Yellowstone Lake

Yellowstone Lake is seen in this May 2016 National Park Service photo.

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An Indiana man this week pleaded guilty to several charges stemming from his behavior in Yellowstone National Park after a guide refused to take him and a group of intoxicated people on a kayak trip.

Kyle Campbell, 31, pleaded guilty to five charges: disorderly conduct; threatening, resisting and intentionally interfering with a government employee; violating the lawful order of a government employee; being under the influence of alcohol to a degree that the endangered himself or others; and contempt of court, according to a Wednesday afternoon news release from the U.S. Department of Justice.

U.S. Magistrate Judge Mark L. Carman sentenced Campbell on June 23 to 60 days of incarceration and five years of unsupervised probation, during which he will be banned from the world’s first national park. Carman also sentenced Campbell to pay $1,600 in fines and court fees.

According to the release, Campbell and the group he was with were scheduled to go on a guided kayak trip at the Grant Marina of Yellowstone Lake on June 21. The guide refused to take the group on the scheduled trip because they believed the group was too drunk to safely kayak.

The guide’s refusal to take intoxicated people on the water upset the group, and they created a disturbance that caused the guide to call Xanterra security and park law enforcement.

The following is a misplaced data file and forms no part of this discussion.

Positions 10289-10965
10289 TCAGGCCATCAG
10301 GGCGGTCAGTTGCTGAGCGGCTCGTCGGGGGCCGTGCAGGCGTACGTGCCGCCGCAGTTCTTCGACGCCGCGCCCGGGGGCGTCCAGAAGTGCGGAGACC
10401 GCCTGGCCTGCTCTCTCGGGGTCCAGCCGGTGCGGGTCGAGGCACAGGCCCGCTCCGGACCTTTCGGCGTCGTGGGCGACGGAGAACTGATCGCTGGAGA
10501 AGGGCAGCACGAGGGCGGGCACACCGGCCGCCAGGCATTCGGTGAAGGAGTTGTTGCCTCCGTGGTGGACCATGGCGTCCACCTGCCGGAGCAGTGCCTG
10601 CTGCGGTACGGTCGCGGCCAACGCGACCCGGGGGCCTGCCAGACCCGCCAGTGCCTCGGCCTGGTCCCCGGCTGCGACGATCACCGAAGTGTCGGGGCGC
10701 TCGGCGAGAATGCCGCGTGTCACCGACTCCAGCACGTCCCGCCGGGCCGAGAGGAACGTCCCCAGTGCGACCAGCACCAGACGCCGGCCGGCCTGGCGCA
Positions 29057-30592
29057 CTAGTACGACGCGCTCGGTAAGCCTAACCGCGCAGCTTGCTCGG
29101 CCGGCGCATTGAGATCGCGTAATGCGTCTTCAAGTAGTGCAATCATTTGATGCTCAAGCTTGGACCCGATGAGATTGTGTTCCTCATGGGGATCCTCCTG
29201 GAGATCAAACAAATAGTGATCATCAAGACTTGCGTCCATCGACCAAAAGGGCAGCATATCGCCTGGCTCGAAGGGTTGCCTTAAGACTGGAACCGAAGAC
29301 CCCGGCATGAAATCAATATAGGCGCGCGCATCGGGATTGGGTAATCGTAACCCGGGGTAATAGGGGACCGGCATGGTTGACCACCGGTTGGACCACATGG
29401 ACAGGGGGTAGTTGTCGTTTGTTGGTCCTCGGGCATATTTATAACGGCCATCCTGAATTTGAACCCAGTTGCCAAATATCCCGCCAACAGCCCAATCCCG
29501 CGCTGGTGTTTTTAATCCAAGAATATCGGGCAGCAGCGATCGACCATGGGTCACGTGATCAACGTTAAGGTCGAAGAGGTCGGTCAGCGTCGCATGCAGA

After officers arrived, Campbell threatened the officers and made threatening gestures, though the release does not specify what constitutes a threatening gesture. He struggled against and kicked at the rangers in an attempt to resist arrest and later injured himself while banging his head against the inside the patrol car. He also refused to comply with a warrant for a blood sample signed by Judge Carman, hence the contempt of court charge.

“We understand that people are eager to get out this summer and enjoy our national parks; however, this type of behavior is unacceptable,” said Acting U.S. Attorney Bob Murray in the news release. “Stay sober, because unruly and intoxicated behavior will only earn you a spot with the jailbirds rather than enjoying the beauty and adventure of Yellowstone.”

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Melissa Loveridge can be reached at mloveridge@dailychronicle.com or at (406) 582-2651. 

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